Pacnew automation

In the light of the latest events became clear, that a change in the conf files, respectively the generation of .pacnew files, is something that happens relatively rare, but when it happens is either overlooked from or confuses the less experienced users.
How about you automate the process a little bit? This can be integrated in MSM Notifier for example. Just like the check for new kernel or translation, it can periodically check for pacnew/old files. Then it can display a message for 2 cases.
Case 1: The user has a default old file.
In that case some function hashes the old file, compares with a databases with a default old file and if it sees the old one was a default file without any user customisation, asks the user it he wants to overwrite with the new one and for his sudo password and does it.
Case 2: The user has some customisation
Either just notify the user to deal with it, maybe showing a link to a tutorial, or automatically install a gui diff editor like meld and open it for inspection.

I see something similar here, with bash, but integrating into MSN or MSM gui will be another level.

While I see what your intentions are - I see problems.

What if user makes the wrong choice and wrecks the system?

That could easily happen with files like /etc/group, /etc/passwd and /etc/locale.gen.

When it is a manual - educated - by the user - invoked edit or replacement - it is concentious.

With the approach you suggest - the distribution will be blamed if the user makes a wrong decision.

We see that way to often with apps - installed using custom buildscripts - breaking when the system has been synced due to a new stable snap.

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Well then maybe hook/pacdiff and a popup at the end of the transaction in pamac, where the user can easily miss the creation of pacnew if not looking at the log: “There are new versions of some configuration files, please inspect and merge/overwrite. For more info see this wiki page.”

Hooks exist, ex:


Somewhere and sometime I found this tutorial here and copied it out. I would very much like to pay my respects to the person and name the source, but I didn’t make a note of it:

This tutorial will teach you how to create a pacman hook to never miss any .pacnew files after an update.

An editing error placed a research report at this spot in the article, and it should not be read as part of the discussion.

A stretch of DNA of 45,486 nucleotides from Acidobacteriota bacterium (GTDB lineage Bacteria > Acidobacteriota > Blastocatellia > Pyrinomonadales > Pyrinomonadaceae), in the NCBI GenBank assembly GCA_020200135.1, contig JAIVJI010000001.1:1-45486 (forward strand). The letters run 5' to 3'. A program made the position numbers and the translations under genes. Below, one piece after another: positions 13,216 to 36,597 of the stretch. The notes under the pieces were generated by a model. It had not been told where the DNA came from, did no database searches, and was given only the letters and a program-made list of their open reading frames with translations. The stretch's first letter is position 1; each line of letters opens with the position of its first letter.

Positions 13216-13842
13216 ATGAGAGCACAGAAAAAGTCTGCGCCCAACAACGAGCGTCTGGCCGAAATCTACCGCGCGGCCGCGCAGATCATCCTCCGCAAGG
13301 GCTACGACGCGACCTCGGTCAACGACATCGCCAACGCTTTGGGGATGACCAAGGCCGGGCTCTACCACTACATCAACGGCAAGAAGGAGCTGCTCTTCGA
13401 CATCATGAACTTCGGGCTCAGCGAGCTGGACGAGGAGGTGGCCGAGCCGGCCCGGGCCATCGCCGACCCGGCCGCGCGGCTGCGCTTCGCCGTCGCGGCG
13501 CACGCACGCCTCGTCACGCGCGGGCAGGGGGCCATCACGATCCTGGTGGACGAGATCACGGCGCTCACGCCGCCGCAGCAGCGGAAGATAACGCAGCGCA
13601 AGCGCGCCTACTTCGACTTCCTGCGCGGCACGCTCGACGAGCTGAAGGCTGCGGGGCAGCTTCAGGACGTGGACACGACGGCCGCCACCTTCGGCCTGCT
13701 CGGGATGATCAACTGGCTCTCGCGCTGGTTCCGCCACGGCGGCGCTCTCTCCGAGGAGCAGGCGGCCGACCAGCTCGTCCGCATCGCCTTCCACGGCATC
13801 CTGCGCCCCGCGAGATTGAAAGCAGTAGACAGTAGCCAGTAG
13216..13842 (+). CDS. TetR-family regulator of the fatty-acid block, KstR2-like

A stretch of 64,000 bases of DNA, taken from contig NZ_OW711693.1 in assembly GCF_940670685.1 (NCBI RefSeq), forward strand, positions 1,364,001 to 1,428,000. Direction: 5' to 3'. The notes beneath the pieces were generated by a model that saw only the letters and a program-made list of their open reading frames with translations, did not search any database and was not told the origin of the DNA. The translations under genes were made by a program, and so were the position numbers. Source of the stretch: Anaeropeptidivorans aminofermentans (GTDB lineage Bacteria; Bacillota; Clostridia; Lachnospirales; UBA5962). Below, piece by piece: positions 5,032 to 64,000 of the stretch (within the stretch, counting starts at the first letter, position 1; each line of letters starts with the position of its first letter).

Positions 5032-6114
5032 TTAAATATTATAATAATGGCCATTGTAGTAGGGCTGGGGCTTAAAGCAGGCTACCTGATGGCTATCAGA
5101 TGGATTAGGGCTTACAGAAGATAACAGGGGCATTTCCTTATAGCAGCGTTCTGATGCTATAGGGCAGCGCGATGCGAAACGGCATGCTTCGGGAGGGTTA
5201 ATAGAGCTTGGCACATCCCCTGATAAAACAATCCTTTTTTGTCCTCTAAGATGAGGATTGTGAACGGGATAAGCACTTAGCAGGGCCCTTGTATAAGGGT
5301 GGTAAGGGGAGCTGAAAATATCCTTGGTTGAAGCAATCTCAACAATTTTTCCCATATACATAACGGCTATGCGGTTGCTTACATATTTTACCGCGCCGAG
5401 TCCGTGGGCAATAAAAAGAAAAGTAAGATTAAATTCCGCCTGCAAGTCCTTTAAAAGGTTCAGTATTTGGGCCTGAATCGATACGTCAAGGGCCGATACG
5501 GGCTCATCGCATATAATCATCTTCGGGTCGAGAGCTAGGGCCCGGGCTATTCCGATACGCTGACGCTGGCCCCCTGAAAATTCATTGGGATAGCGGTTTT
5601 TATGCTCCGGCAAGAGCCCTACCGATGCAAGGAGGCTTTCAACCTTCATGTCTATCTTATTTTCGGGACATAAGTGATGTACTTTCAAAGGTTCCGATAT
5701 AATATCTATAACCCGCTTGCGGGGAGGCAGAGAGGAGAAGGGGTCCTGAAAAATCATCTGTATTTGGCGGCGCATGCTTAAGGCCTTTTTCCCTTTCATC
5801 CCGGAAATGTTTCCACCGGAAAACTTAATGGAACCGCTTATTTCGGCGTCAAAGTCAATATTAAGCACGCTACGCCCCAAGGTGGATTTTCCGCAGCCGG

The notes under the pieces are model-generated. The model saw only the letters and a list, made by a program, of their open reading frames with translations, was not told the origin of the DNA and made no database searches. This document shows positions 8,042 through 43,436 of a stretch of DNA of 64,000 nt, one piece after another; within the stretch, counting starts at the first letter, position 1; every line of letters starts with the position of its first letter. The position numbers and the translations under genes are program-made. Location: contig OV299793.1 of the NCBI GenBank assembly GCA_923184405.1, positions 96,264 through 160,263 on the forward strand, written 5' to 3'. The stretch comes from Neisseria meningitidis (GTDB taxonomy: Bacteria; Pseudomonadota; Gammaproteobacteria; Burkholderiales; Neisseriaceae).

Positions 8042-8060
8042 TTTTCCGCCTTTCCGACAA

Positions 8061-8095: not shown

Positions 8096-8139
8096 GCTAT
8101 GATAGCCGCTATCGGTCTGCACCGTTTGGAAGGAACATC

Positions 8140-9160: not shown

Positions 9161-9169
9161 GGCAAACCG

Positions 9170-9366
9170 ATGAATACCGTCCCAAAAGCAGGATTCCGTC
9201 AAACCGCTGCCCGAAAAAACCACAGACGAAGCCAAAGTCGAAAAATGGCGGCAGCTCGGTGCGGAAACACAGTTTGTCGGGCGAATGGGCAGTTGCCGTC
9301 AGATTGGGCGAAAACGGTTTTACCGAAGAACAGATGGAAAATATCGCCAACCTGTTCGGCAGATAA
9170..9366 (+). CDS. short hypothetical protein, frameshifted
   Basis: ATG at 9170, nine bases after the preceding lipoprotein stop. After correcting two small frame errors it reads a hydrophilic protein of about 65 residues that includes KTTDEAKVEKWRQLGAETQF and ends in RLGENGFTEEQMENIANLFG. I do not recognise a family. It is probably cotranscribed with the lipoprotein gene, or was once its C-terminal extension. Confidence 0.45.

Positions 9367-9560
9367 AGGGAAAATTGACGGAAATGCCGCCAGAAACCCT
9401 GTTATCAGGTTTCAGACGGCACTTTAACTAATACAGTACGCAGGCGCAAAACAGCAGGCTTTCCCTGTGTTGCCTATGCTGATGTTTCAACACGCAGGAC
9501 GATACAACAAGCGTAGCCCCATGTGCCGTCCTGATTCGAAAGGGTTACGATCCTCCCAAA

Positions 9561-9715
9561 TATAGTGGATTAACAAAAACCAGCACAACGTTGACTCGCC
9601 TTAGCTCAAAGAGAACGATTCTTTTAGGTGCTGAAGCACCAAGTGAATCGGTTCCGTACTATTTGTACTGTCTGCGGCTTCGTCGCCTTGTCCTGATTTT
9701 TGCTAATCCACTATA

Just create two files:

 Create a script that we’ll call later with the pacman hook, we’ll name it `check-pacnew` and create it in `/etc/pacman.d/scripts/` with your favorite editor:

# List .pacnew files when found

pacnews=($(/usr/bin/pacdiff --output|grep -v pacsave))
if [[ $nb > 0 ]]; then
  echo -e "\e[1;31m$nb .pacnew found in system \e[0m"
  printf "%s\n" "${pacnews[@]}"

Ensure /etc/pacman.d/scripts/check-pacnew is owned by root and is executable!

The actual pacman hook, will be named check-pacnew.hook and should be created in /etc/pacman.d/hooks/:

    Operation = Upgrade
    Type = Package
    Target = *

    Description = Looking for .pacnew files...
    Exec = /etc/pacman.d/scripts/check-pacnew
    When = PostTransaction

That’s it!

Thanks to the author unknown to me!

Edit: OK, @omano was the originator … Thanks to him!


You’re welcome.

Thanks @omano , but why point down? Is this wrong? Please tell me what’s wrong with that.

Pacman does already handle this case where original = X, current = X, new = Y;

Would be the best and easiest solution I think. Otherwise, as recent events have shown, users who update via pamac gui may never learn that they need to deal with these files until something breaks.

Because the answer to your question was under your post :slight_smile:

I didn’t “thumb down” :-1: your post, but I :point_down: “indexed” the post under yours :smiley:

Unfortunately may be true, but what is more unfortunate is people installing Arch based distribution not understanding these derivative distributions, like Arch itself, require at least basic maintenance, which everything is explained in the WIKI, but also unfortunate these people will never open a WIKI until they are told to.


Exactly my point. The users using pamac. Which is every new user of the distro, until they become more advanced users. They should get some help to notice something is there to be handled.

Thanks to this and the other linked topics where there are many similar scripts to find, i made my own flavour. It checks 30 seconds after boot and notifies with popup if there are pacdiff files. Does not do anything alone (because that is how i like it, only a notification if i have forgot something).

#!/usr/bin/env bash
# pacnew checker

sleep 30

#check if libnotify is available
if ! [[ "$(which notify-send)" =~ (notify-send) ]]; then
	echo ":: libnotify not found... sudo pacman -S libnotify"
	exit 1

#check for pacnew and notify
pacnews=($(/usr/bin/pacdiff  -p --output|grep -v pacsave))
if [[ $nb > 0 ]]; then
  echo -e "\e[1;31m$nb .pacnew found in system \e[0m"
  printf "%s\n" "${pacnews[@]}"
  notify-send -u normal "Use DIFFPROG=meld pacdiff -s" "<span color='#ff1000' font='28px'><b>.PACNEW files found</b></span>"

For the future visitors of the thread: @Ste74 Stefano Capitani made a GUI variant of a checking script here

p.s. In case the above topic is not visible to you since the project is very new and still in the development section of the forum for internal testing, here is the public gitlab page

and the package in the repos is of course manjaro-pacnew-checker

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